One of the sources I used while writing The Devil’s Missal was the journal of Steven Jan de Geuns, a Dutch academic who travelled extensively through Germany in the company of Alexander von Humboldt, passing through Meerbusch on 26th October 1789.
De Geuns waxed lyrical about Krefeld, calling it a beautiful city, clean and the closest to a Dutch city that he had seen (being a Dutchman himself, presumably this was high praise). His sightseeing tour of the city appears to have consisted of a tour of several factories. Meerbusch is mentioned only as consisting of fertile agricultural land. Which sounds about right for the period.
This photograph was taken before the installation of modern gates. The driveway used to be a network of muddy puddles of varying depths. It wasn’t too bad negotiating it in a car, but on a bicycle in the dark it was only for the hardened adventurer….
In the early 1990s the grounds of Schloß Pesch were still hugely overgrown and the ‘lawn’ was a mass of weeds and nettles. During the late 90s a gardening contractor was brought in to clear the weeds and plant a proper lawn. This is what it looked like after it had been newly ploughed, rolled and seeded.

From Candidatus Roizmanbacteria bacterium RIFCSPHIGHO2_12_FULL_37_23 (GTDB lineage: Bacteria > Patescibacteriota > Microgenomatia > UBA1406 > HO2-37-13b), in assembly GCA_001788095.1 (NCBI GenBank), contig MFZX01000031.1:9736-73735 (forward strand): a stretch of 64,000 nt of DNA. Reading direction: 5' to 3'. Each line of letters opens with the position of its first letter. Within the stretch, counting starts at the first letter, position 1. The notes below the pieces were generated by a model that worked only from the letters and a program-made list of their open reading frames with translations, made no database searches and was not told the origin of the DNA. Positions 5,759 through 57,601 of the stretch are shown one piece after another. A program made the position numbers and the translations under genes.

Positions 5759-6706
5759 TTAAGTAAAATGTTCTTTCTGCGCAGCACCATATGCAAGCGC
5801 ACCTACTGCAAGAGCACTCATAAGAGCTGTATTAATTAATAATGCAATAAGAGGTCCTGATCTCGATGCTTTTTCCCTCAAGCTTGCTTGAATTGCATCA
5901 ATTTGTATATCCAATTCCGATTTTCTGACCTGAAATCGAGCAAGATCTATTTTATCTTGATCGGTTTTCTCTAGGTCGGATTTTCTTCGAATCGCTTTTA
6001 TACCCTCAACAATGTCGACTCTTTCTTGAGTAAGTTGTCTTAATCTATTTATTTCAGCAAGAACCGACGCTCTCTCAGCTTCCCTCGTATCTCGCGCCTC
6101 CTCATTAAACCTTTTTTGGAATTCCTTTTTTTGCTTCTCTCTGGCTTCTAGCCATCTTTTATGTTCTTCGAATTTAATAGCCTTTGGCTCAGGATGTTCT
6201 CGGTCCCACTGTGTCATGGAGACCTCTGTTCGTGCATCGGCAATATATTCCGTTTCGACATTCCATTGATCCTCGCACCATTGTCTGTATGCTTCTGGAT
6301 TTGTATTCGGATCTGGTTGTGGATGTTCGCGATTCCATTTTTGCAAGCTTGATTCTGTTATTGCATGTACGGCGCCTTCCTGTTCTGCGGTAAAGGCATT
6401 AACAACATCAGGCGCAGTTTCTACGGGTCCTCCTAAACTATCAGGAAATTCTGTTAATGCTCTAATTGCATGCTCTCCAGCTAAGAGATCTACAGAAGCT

In one history of Meerbusch I came across a picture of a place I don’t recognise. It seems to be a derelict tower standing on its own in woods. The description says it was taken in around 1900.
I have never come across this place in real life – maybe it no longer exists – or maybe it is hidden away off the beaten path somewhere. There are some references in historical documents. From the sixteenth century until at least 1745 it was owned by various members of the von Backum family.